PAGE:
I have been laid low this past week by a rather severe case of bronchitis and it’s my own bloody stupid fault because I should have dealt with the problem sooner. I’ve been wheezing for months now – probably an allergic reaction to having a new puppy in the house. I’ve also been getting very tired and a bit overwhelmed by life and I put it down to my not breathing properly. Of course I didn’t think that my immune system might be taking strain. So when Peter got a throat infection and passed the bug on to me, it went straight to my lungs. These bugs sure know how to suss out your weak spots! Usually, when I feel a cold coming on (it starts with a scratchy, burning feeling at the back of my throat) I dose myself with vitamin c and Dr. Schüssler’s tissue salts. More often than not my immune system then kicks in and fights the baddies. Not so this time. This time I needed to see the doctor who prescribed a shitload of meds; antibiotics the size of bullets, probiotics to counter the antibiotics, prednisone, decongestants and cough syrup. And I’ve been using a nebuliser 3 times a day with a cocktail of bronchodilators and corticosteroids. It worries me that I’m putting so many chemicals in my body, or more specifically into my lungs, and I do find it ironic that I am prepared to do this but not use chemicals on my veggies.
Recently I watched a brilliant movie called Symphony of the Soil (thanks Kiera for giving me the heads up on that). I’m a firm believer in growing things without the use of chemicals but I’ve never bothered to learn much about the biology of the soil. The movie beautifully illustrates:
the elaborate relationships and mutuality between soil, water, the atmosphere, plants and animals. The film also examines our human relationship with soil, the use and misuse of soil in agriculture, deforestation and development, and the latest scientific research on soil’s key role in ameliorating the most challenging environmental issues of our time. Symphony of the Soil ……. highlights possibilities of healthy soil creating healthy plants creating healthy humans living on a healthy planet.
We make, and buy in, a lot of compost. All our veggie beds are raised and topped with compost so the soil is never dug over. We have a worm farm and use the worm wee to feed the veggies. We practise crop rotation and companion planting. We don’t use chemical fertilisers or pesticides. So I think, by and large, we are looking after the soil pretty darn well. But the movie has made me rethink our policy on weeds. There is a scene shot in a potato field where weeds have been left to grow among the potato plants. The farmer explains that weeds do not compete for nutrients, which is what I’ve always believed. Far from it in fact and this is explained through plant and soil biology; good bacteria in the soil are attracted to the food given off by the roots of the weeds and these are, in turn, beneficial to the crop in preventing disease. The farmer then digs up a potato plant to demonstrate how healthy it is and his dog comes strolling into the frame and lies down on top of the potato plant. The farmer laughs and says something to the effect of that being the end of the potato lesson. It was not only a cute scene but, for me, it summed up what is a healthy relationship with the land. In permaculture, weeds are cut, not pulled out, and a tea is made from the leaves to feed back to the soil. The argument being that nature always tries to establish a balance and that the weeds are there for reason. So in future I’m going to pay more attention to the soil and the weeds growing in it. Nature is a constant reminder that:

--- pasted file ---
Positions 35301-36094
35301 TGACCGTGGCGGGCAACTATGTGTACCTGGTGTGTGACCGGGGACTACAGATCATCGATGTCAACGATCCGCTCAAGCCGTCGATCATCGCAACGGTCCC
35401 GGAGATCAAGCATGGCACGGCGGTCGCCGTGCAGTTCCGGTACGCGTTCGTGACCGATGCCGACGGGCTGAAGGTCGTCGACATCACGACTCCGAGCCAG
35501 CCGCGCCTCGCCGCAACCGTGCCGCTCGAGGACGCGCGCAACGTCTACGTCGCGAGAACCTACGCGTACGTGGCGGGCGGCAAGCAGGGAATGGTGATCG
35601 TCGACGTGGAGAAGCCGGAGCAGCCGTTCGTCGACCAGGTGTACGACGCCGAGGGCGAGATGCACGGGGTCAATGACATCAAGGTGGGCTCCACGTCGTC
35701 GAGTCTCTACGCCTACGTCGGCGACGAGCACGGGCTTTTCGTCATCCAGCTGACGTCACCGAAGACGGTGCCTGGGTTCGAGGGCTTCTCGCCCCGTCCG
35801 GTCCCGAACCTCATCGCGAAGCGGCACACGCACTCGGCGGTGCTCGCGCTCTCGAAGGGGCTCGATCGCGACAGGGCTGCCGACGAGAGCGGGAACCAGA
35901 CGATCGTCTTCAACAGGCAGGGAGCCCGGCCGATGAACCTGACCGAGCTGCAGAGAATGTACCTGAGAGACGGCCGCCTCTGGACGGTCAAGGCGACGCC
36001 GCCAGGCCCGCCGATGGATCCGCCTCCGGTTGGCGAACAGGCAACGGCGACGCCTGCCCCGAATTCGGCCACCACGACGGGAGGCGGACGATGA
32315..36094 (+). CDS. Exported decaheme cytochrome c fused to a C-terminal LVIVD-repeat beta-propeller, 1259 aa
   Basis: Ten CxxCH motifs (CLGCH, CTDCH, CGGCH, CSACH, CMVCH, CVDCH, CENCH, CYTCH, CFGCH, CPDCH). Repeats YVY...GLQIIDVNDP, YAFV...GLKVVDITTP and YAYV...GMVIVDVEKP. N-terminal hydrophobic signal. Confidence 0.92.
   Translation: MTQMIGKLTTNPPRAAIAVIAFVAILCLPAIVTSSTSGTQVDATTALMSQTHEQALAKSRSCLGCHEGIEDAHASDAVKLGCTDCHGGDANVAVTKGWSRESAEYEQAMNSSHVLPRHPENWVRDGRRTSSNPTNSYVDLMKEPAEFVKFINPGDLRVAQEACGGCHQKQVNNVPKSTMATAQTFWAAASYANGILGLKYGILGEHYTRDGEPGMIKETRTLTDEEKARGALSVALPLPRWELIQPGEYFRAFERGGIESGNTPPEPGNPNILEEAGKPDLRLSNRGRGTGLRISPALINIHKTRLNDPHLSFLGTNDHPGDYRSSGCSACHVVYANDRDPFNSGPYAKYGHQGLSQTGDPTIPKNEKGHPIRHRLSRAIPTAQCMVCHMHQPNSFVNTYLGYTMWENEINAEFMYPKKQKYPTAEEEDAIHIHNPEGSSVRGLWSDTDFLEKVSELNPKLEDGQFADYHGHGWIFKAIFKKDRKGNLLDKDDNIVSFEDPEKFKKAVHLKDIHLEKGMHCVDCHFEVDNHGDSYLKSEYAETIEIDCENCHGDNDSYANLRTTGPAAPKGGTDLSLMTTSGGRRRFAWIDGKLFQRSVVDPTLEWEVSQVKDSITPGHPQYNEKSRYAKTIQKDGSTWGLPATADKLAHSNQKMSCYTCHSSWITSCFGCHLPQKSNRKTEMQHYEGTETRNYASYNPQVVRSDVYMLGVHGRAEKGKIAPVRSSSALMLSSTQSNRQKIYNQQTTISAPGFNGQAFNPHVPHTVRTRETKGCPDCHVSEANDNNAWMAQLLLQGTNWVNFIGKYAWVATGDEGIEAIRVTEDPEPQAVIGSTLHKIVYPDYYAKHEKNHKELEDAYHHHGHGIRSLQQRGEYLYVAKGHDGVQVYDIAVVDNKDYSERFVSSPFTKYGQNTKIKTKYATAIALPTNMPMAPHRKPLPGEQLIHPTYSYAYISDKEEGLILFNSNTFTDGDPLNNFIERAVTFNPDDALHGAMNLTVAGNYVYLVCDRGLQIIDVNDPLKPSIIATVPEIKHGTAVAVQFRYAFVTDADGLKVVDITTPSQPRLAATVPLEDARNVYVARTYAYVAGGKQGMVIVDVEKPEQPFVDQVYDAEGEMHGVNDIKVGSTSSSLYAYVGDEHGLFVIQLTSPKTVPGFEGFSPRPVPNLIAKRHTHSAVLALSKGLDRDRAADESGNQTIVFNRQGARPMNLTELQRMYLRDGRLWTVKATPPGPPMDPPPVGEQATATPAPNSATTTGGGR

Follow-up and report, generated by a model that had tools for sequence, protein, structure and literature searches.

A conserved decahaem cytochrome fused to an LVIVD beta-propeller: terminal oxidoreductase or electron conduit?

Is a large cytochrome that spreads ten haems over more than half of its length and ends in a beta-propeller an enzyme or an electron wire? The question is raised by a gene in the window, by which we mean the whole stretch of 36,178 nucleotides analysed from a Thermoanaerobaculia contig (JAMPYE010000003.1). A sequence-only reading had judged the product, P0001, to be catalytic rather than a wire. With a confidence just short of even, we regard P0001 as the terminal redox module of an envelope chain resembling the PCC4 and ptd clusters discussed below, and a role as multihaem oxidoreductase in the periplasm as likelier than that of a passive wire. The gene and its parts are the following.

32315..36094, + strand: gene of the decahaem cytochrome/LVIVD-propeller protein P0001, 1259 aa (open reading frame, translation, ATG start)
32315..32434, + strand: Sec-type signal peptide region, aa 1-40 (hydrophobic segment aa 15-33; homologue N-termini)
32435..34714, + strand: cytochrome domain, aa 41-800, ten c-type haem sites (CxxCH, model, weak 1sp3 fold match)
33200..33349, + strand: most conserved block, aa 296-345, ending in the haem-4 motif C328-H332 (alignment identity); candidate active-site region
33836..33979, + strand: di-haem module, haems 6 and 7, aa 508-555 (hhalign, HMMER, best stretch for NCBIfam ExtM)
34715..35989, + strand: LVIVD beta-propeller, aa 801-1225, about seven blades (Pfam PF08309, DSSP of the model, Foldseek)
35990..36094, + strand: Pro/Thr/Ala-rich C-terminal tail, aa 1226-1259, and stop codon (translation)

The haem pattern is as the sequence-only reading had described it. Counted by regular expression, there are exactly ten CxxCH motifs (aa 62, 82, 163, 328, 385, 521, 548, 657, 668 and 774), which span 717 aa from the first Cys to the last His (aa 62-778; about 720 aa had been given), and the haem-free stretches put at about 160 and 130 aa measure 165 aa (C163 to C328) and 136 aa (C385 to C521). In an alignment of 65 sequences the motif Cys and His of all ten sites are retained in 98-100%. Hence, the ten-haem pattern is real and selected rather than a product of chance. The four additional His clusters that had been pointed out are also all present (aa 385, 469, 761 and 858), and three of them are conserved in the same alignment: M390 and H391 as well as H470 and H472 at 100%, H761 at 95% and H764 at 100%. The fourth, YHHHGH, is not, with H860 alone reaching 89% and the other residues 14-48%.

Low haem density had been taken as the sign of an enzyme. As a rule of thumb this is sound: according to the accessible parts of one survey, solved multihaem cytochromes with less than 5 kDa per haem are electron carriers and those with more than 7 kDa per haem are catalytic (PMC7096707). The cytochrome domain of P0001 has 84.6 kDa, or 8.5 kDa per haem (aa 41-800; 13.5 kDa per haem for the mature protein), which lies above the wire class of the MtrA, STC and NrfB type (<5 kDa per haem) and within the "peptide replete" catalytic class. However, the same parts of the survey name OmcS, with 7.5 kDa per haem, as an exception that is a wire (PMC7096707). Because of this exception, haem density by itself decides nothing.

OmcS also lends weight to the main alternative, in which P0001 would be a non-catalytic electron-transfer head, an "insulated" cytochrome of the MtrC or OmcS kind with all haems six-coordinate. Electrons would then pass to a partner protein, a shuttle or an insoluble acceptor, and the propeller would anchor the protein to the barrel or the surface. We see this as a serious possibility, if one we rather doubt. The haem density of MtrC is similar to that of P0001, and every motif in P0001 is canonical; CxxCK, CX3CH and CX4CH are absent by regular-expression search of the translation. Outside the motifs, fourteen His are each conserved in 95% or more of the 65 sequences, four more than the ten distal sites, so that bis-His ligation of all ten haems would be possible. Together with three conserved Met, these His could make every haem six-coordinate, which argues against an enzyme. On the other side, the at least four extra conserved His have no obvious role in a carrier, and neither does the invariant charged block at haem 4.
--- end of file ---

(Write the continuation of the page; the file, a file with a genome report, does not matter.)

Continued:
When we try to pick out anything by itself, we find it hitched to everything else in the universe.
The day after watching the movie I visited the Garden Show (held every year at the Royal Show Grounds in Pietermaritzburg) and made a beeline for the Livingseeds stand. They sell heirloom and open pollinated vegetable seed online and have also just started shipping seedlings. I’ve never bought from them before because our postal service here is very unreliable and to courier stuff is mighty expensive. However I’ve met a woman who is also passionate about growing vegetables organically and we have plans to set up a seed group in the area so that we can order in bulk, save on delivery costs and swop seeds. We went a bit crazy with our seed purchases – as well as veg seed, I bought a lot of seed for microgreens and sprouts, which I love to use in salads and stir fries.
All this focus on healthy soil, healthy seeds and healthy food reminded me that I should be looking after my body naturally too. Once again part of the problem is not paying attention. Perhaps if I had dealt with my wheezy chest when it first started it wouldn’t have developed into bronchitis. Anyway, I unearthed my well-thumbed copy of The Fragrant Pharmacy, A complete guide to Aromatherapy & Essential Oils by Valerie Ann Worwood, stocked up on some new oils and concocted a lovely massage oil to treat bronchitis.
One of the side effects of the medication that I’ve been taking is insomnia. However, after using the essential oils, I not only slept like a log but woke up with a much clearer head and chest. This is Worwood’s Bronchitis Synergistic Oil (great for both breathing and sleeping problems):
- Cinnamon 2 drops
- Nutmeg 2 drops (I couldn’t find this oil)
- Ginger 2 drops
- Red thyme 10 drops (I used plain thyme oil)
- Eucalyptus 10 drops
- Benzoin 4 drops
Diluted in 30 ml carrier oil (I used Jojoba)
Worwood also recommends a drink, apparently popular in Switzerland in the treatment of bronchitis. Dilute 1 drop of eucalyptus oil in a little brandy then add it to a cup of hot water to which you have added some honey and lemon. I may give that a bash later.